Primary outcome measure. Table 3 displays individual scores on the PSWQ [34]. Completers had a statistically reliable change as shown by the RCI on the PSWQ from pre- to post-measures. None had a clinically significant change according to the clinical cut-off point as determined by Method C from Evans and colleagues [42].

Secondary outcome measures – questionnaires. Individual scores on the outcome measures BAI [31], BDI-II [32], GAI [33], GAD-7 [27], and BIS [34] are displayed in Table 3. The table also shows the RCI and the clinical cut-off point as determined by Method C from Evans and colleagues [42]. Completers in general showed a statistically reliable change in scores on the anxiety measures BAI, GAI and GAD-7. They additionally changed from above to below clinical cut-off on the BAI and GAD-7. The results for the BDI-II and BIS are mixed, with two out of three participants not showing a statistically reliable change nor a reduction in scores that changed from the clinical to the normal range. All participants had a reduction in scores on the BDI-II. On BIS, two participants had elevated scores from pre- to post-measures.

Participant treatment satisfaction and expectancy/credibility to treatment. Completers filled out a treatment satisfaction questionnaire. Participants reported satisfaction with treatment, that they had changed “quite much” in a positive direction, and that other people had noticed this change. Participants reported that they were “mostly satisfied” with the changes. One participant reported “exclusively positive effects” and one reported “no unfortunate effects of any matter”. One reported “some unfortunate effects” and referred to a strain injury that incurred during PE. Participants reported that the treatment fitted their problems well. All three participants reported that the treatment was “somewhat demanding”, and that they “complied overall well” with treatment demands.

Participants had a mean pre-treatment score of 7.8 (SD = 0.59) on the Expectancy/Credibility scale [35] and an increase in mean post-treatment score to 8.2 (SD = 1.46).

Manipulation check for physical exercise

Results from physical testing pre- and post-treatment showed that completers improved their aerobic physical fitness with an average of 10.7% on the Five-Minute Pyramid test [39] and 18.2% on the The Ekblom-Bak submaximal cycle ergometer test [38]. The completing participants improved their physical strength with an average of 13.7% on the Biering-Sørensen test, 20.6% on the Timed sit-to-stand test, 122.5% on the 45-degree sit-up test, and 47% on the Dumbbell arm press test. One participant had a decrease in results on the Biering-Sørensen test and Dumbbell arm test as a consequence of engaging in heavy physical activity the day before testing. Individual test results are shown in Table 4.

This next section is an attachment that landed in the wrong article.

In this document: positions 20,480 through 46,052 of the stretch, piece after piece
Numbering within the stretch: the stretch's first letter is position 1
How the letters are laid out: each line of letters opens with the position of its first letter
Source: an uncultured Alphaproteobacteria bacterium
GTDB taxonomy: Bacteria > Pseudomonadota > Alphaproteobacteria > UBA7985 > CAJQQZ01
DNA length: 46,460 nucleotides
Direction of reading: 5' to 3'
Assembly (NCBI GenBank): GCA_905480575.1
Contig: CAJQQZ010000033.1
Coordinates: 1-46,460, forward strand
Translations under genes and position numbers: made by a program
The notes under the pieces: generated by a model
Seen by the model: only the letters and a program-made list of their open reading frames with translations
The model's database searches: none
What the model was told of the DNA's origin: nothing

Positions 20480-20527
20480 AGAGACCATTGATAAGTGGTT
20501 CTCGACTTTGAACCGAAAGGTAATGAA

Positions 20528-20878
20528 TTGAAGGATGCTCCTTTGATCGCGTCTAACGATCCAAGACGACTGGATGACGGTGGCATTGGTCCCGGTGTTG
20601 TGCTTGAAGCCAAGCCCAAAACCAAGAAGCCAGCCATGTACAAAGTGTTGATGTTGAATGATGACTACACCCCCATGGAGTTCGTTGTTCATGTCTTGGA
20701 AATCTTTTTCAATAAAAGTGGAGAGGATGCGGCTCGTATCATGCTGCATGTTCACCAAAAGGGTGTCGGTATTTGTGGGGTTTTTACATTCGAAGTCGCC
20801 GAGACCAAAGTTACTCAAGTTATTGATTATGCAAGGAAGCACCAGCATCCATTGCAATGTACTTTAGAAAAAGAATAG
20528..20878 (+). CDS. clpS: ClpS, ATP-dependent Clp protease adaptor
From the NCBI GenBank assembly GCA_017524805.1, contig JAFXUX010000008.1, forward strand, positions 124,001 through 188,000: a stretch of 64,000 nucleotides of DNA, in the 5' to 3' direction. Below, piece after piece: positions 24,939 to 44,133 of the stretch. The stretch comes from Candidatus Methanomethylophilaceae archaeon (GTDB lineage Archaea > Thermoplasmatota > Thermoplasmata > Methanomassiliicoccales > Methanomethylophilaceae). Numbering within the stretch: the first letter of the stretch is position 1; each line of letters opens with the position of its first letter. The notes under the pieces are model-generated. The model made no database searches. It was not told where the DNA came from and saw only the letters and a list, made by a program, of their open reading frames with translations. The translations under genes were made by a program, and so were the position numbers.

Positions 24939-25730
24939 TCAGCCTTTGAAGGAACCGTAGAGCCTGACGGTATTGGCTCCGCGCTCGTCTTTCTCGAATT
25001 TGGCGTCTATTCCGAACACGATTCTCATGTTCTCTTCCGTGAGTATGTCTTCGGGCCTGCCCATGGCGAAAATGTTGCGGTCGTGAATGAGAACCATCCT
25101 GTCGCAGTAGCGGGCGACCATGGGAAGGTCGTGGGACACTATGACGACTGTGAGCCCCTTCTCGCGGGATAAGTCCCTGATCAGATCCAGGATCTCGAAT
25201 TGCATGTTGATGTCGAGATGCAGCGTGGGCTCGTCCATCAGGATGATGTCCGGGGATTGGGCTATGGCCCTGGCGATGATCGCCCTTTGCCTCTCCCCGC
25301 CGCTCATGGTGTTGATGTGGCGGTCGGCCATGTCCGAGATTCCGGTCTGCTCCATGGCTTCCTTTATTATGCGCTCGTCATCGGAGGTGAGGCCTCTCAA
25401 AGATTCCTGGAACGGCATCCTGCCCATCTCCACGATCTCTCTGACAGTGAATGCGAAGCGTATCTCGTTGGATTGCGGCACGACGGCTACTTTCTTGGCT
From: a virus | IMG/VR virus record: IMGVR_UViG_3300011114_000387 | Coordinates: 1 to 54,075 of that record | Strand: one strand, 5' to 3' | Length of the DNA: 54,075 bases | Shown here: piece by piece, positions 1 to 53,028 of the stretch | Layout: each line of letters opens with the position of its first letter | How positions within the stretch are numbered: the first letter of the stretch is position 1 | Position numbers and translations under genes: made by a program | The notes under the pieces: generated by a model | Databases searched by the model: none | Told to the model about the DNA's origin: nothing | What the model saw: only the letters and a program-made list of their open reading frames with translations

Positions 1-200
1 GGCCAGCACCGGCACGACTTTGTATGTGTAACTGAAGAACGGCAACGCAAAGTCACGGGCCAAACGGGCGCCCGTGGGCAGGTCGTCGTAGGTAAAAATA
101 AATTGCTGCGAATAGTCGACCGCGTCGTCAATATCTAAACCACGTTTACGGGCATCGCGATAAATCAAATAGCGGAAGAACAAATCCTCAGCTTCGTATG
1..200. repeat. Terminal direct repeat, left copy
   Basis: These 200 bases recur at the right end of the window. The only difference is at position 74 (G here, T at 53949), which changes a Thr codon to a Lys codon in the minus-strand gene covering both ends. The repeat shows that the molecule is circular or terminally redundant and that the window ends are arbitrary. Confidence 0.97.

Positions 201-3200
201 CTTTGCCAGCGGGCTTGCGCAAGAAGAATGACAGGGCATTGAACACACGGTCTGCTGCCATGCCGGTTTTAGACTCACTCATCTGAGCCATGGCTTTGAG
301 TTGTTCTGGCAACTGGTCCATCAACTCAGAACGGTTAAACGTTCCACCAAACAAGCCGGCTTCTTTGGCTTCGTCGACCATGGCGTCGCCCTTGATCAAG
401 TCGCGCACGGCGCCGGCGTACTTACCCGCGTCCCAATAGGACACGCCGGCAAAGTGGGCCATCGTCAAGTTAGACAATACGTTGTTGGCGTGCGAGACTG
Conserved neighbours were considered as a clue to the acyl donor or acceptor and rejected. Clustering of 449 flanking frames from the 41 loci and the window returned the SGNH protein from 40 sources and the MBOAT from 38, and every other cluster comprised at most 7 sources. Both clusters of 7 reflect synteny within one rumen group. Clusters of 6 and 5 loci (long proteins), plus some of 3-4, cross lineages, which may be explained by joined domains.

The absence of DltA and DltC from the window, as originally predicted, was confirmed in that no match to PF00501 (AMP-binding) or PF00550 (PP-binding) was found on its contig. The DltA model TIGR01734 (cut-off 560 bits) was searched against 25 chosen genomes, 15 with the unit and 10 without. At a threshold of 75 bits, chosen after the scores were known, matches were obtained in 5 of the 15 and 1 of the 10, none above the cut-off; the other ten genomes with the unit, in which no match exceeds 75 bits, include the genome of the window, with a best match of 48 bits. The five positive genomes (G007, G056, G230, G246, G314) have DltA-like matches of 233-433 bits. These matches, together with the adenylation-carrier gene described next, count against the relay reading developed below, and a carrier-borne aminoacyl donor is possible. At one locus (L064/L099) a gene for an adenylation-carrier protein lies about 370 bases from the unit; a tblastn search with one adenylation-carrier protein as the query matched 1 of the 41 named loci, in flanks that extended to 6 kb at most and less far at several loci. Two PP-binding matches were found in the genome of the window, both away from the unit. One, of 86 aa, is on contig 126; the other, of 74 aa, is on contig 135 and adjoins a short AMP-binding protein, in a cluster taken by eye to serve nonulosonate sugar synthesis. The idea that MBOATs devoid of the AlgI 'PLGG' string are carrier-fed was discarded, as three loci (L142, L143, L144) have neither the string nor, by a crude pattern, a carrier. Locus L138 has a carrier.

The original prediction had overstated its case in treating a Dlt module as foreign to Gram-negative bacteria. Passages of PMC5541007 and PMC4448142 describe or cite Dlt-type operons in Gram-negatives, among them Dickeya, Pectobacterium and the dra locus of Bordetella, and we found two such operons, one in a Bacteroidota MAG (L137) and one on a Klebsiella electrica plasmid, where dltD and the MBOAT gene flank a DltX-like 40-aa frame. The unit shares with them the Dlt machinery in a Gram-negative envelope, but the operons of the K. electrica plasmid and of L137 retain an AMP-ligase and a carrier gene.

Adherence to treatment, test protocols and time frames

The current study showed that the CBT + PE protocol for older adults with GAD is feasible. It appears somewhat more challenging for the participants to adhere to unsupervised PE sessions than the supervised PE sessions. Evaluation indicated that the drop-out was not related to structure or organization of the combined treatment. Additionally, completers reported adequate treatment satisfaction, that the treatment was somewhat demanding, but that they complied quite well with the treatment.

Test protocols were evaluated as feasible. The high adherence may be explained by the participants` motivation to learn about their own physical and mental health, and positive attitudes towards research.

Feasibility of screening and inclusion

The study resulted in two two-hour screening appointments, contrary to an initial three hours per appointment. Regarding the inclusion process, some of the potential participants with symptoms of GAD were excluded as they had a primary panic disorder or severe major depressive disorder. Included participants had symptoms of comorbid panic disorder (75%) and depression (100%) but GAD was assessed as the primary disorder. The comorbidity between GAD and other anxiety disorders and depression is known [50]. There has been critique towards studies aiming at including participants with “pure” GAD, with the argument that the generalizability of the results of these studies are limited as comorbidity is frequent [51]. In the current study, besides primary panic disorder and severe major depression, comorbid anxiety disorders and depression were not reasons for exclusion.

Evaluation of the inclusion process led to the addition of antipsychotic medication to the exclusion criteria due to potential sedative effects that can prevent the treatment effect of CBT. Tapering benzodiazepines was successful through the established procedures.

As a result of the drop out, inclusion procedures were aimed towards not including participants in testing and/or treatment in the time leading up to holidays or events.

Effects of treatment

Scores on the PSWQ [30] showed a statistically, but not clinically, reliable change, according to the cut-off as determined by the analysis in this study. This implies that the scores have not changed from a clinical to a non-clinical population. Also, diagnostic assessment after treatment showed that none of the participants had GAD.

Johnco, Wuthrich, Brenes, Wetherell and Mohlman [52] discuss whether the PSWQ is a suboptimal measure for evaluating treatment outcome in geriatric GAD, as there does not exist a clear cut-off or benchmark for the PSWQ to determine patients in remission and patients that show response to treatment. The authors found that a score of 51 or below is optimal for defining remission status on the PSWQ, and a 9% reduction or > 4-point reduction is optimal for assessing treatment response on the PSWQ. With these criteria, one of the participants in the current study would have been characterised as in remission, and two of the participants would be characterised as having a treatment response as they had 20% reduction on the scores on the PSWQ from pre to post treatment.